How to Stop a Converted Unregulated 9-LED Flashlight using 3 x AAA to 18650 from Burning Out

dlong

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So... I know this is posted somewhere in WWW but my searching has failed me. I want to convert one of these:


to use 18650. Now, the flashlight is unregulated so it's direct driven. I'm fairly sure that dropping in a 18650 will eventually (maybe even shortly) burn out the LEDS one by one... How do stop that from happening? What's the simplest (exact?) component needed? I'm thinking a resistor? How ohms? I know stuff, just not in-depth! o_O

Bonus: Remember those 3-pk Costco TechLite (250 and 300 lumen version). Those are regulated, right? So I can just drop in 18650 and it should work without burning out the LED?

Note: You can ignore the mechanical aspects of battery size fitment in the battery compartment.
 

fulee9999

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LEDs burn out because of voltage, not because of current, so you'll be feeding 4.2 volts to something that was designed for 4.5 volts.
Not that I would advise doing something like this, but it should work.
 

dlong

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LEDs burn out because of voltage, not because of current, so you'll be feeding 4.2 volts to something that was designed for 4.5 volts.
Not that I would advise doing something like this, but it should work.
So, is there something else that is causing these simple direct-driven 9V LED flashlights to burn out when using 18650 batteries?
 

arrgh my eyes!!

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LEDs burn out because of voltage, not because of current, so you'll be feeding 4.2 volts to something that was designed for 4.5 volts.
Not that I would advise doing something like this, but it should work.
I think you might have that backwards, LEDs absolutely burn out from excess current
 

fulee9999

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By not limiting it? Wire any LED directly to a variable DC power supply set to 1.5 volts, will it not blow unless you do something to limit the current?
okay, so for our collective edufication I've built this:

1649196478315.png


the LEDs are rated from 1.8 volts to 2.4 volts, opening voltage 1750 mV - if I recall correctly - so connecting them in series should give us a voltage range of somewhere around 3.5 volts to 4.8 volts. the 18650 pictured above starts at 4.2 volts ( fully charged )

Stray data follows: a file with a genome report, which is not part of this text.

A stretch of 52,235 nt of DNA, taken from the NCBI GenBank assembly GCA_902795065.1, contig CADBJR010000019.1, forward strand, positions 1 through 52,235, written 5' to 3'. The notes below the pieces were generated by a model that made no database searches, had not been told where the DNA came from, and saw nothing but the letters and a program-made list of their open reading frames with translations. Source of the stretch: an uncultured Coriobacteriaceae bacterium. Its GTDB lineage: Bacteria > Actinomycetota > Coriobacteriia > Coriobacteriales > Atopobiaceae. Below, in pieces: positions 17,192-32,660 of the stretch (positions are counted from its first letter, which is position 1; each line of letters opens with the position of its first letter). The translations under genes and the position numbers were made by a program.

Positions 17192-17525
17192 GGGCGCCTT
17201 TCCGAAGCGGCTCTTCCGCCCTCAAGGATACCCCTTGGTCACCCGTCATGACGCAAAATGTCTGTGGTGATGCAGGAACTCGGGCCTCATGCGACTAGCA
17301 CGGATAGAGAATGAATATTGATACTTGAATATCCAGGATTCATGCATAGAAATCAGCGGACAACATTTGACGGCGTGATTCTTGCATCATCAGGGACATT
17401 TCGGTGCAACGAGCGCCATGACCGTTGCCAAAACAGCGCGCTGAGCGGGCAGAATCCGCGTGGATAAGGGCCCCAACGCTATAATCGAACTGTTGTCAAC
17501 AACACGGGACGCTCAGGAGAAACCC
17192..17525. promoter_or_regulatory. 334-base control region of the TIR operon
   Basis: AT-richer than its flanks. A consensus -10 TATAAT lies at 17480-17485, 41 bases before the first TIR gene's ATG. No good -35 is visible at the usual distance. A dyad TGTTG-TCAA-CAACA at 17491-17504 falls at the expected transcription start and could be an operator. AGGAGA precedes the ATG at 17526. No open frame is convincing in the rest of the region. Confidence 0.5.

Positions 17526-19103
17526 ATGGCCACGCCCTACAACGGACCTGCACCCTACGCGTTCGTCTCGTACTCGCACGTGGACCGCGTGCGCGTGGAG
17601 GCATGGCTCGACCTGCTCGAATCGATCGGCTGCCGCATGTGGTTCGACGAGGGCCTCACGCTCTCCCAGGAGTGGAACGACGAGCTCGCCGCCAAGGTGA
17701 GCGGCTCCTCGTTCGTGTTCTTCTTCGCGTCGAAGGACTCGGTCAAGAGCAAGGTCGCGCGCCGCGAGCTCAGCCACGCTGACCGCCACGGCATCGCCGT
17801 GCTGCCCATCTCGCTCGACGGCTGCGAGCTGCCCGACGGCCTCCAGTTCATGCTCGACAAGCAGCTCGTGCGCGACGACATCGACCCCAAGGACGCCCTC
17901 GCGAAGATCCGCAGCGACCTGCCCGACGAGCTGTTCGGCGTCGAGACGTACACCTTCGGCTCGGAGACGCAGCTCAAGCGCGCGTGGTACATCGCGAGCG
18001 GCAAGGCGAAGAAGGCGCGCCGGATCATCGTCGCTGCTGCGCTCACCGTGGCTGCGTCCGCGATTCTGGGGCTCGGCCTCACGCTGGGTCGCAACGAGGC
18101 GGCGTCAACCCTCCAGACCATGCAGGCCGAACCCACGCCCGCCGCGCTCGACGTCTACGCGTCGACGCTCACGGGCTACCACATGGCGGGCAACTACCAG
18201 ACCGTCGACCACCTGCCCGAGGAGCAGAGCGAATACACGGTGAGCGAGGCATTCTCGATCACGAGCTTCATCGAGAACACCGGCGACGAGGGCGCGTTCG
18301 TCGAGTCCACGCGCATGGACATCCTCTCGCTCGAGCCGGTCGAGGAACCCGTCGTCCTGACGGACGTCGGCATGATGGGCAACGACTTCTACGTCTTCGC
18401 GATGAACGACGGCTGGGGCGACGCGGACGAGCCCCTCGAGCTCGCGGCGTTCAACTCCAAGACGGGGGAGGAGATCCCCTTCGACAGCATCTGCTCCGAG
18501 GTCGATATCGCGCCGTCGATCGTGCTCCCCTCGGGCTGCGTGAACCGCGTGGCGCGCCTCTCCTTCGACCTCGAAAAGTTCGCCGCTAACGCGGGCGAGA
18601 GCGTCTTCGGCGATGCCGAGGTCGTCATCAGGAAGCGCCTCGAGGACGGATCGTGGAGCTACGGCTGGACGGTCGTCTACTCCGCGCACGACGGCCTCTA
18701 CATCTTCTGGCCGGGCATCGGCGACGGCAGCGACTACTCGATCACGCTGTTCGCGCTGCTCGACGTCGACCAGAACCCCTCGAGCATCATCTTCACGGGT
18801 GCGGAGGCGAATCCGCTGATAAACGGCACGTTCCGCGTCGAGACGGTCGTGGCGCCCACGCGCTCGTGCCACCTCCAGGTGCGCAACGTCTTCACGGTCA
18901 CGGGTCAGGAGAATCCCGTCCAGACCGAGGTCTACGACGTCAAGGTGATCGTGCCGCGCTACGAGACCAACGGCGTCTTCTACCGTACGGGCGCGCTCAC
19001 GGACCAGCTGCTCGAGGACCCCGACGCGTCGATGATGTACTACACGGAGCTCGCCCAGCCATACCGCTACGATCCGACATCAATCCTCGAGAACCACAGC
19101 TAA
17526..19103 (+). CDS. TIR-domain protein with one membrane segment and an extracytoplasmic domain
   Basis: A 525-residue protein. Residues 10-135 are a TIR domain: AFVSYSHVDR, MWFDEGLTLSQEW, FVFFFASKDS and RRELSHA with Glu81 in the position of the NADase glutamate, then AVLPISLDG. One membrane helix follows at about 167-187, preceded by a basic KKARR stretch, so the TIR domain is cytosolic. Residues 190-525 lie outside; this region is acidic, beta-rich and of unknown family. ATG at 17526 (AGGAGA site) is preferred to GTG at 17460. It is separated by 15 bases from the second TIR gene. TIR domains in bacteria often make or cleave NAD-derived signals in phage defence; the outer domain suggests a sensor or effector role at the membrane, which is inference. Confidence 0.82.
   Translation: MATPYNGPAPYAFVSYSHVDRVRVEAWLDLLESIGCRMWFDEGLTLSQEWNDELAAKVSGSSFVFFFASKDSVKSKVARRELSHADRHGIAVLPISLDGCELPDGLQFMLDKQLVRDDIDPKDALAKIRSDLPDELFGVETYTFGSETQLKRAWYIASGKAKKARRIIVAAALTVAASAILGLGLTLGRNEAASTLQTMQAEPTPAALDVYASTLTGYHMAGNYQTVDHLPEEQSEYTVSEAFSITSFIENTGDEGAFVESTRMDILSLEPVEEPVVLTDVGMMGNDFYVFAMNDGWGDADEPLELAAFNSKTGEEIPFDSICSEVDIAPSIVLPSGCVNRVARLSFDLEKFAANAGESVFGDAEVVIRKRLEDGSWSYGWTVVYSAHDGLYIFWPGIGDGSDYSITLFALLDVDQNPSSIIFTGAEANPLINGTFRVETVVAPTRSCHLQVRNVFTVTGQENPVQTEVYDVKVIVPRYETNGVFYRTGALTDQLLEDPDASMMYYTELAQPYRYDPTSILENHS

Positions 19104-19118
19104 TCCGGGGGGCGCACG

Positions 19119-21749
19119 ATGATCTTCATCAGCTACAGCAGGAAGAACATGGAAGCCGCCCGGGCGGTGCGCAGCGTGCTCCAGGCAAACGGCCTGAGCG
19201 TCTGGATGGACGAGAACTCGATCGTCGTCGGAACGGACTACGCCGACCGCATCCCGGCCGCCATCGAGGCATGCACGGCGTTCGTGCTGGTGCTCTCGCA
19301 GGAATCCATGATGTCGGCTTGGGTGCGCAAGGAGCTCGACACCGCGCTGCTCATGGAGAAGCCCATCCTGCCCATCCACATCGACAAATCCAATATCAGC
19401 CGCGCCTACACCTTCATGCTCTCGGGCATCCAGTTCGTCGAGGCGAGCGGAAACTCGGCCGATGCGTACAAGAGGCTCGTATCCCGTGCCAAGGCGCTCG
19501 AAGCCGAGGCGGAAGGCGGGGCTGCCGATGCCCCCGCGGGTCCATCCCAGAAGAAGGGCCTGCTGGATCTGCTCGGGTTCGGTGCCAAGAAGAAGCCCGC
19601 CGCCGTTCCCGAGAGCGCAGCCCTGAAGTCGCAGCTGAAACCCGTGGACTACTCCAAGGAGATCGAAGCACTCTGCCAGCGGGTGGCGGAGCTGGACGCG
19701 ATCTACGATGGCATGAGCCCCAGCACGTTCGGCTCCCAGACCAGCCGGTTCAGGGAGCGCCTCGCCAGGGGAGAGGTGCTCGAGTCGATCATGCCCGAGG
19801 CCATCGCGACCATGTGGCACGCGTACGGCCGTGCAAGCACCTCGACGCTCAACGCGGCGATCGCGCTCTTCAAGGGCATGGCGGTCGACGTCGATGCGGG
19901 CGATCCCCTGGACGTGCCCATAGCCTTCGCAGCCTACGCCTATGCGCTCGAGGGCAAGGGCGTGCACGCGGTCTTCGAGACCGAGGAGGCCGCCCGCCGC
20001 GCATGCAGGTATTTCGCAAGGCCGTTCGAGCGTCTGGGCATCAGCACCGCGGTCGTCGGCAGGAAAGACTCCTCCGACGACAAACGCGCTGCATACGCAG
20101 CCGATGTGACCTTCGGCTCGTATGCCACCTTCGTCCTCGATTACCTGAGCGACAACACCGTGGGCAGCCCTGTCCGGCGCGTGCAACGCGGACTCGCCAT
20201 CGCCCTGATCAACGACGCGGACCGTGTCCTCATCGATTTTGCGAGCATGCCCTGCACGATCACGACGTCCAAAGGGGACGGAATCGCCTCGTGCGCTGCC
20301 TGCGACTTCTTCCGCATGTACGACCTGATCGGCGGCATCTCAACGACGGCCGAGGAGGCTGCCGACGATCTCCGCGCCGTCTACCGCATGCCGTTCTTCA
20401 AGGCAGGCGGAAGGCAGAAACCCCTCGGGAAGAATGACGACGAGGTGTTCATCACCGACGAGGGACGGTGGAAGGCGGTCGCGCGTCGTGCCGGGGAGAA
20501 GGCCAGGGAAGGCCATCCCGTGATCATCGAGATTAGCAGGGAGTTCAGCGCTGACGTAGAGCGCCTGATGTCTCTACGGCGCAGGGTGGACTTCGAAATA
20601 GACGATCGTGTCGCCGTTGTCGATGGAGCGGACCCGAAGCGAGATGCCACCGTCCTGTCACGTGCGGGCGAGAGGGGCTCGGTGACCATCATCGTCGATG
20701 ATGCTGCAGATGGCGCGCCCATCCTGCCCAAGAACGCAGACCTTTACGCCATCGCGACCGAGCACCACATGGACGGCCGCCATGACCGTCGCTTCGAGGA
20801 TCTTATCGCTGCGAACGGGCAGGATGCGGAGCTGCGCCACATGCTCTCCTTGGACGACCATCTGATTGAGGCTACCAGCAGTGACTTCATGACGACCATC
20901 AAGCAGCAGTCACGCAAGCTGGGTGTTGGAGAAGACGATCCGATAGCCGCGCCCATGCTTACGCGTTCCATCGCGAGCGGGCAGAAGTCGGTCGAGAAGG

measuring the angry pixies running through the circuit I get 3 mA, so we are fairly within the operating conditions.

so I'm pretty confident one of us is very wrong.
 

vicv

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More voltage makes the device draw more current. They are directly related. Cannot have one without the other. Current control varies the voltage by small amounts to keep the current steady. Leds will change their resistance a bit due to heat which is why its keeps a steady current
3xaaa is not 4.5v. You’d be lucky to see 3.3 v under load. So a single 18650 will overdrive the led. But usually not by much. I’ve always found those type of lights will fit an 18500 though. Not 18650. No difference though. And it should not burn out the leds. I think those are just crummy lights dying
 
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vicv

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I was taught that as well yet I’ve hooked up leds without a resistor and they were fine so I’m not sure
 

dlong

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I found another article: https://www.ledsupply.com/blog/how-does-a-5mm-led-work

So, based on the two articles, assumption of LED in Harbor Freight flashlight:
5mm White LED (Vf 3.2v, Imax 20mA) and 18620 4.2V (V.input, Max Voltage)

R.limit = (V.input - Vf) / I.max
(4.2v -3.2v)/0.02 = 50 ohms?

Resistor size calculation:
P(watt) = I.max^2 x R.limit
(.02^2) * 50 = 0.02W

or

* LED Wattage: 3.2V * 0.02A = 0.064 Watts
* Total Wattage: 4.2V * 0.02A = 0.084 Watts
Wattage dissipated by resistor: 0.084 - 0.064 = .02 Watts

So I guess, 1/8 Watt 50 ohms resistor should be good? Since I dropped out of my EE degree and went a different route (CS, but that's a story for another forum :D), any actual EE major want to check my understanding of the articles and more importantly, the formulas and math?
 
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fulee9999

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I'm not saying you're wrong. Since I'm the one asking the question! But here's something I just found:


Does it make sense to you? I'm still trying to work out the article.

I'm sorry, my snarky comment was directed at aaargh, not you :)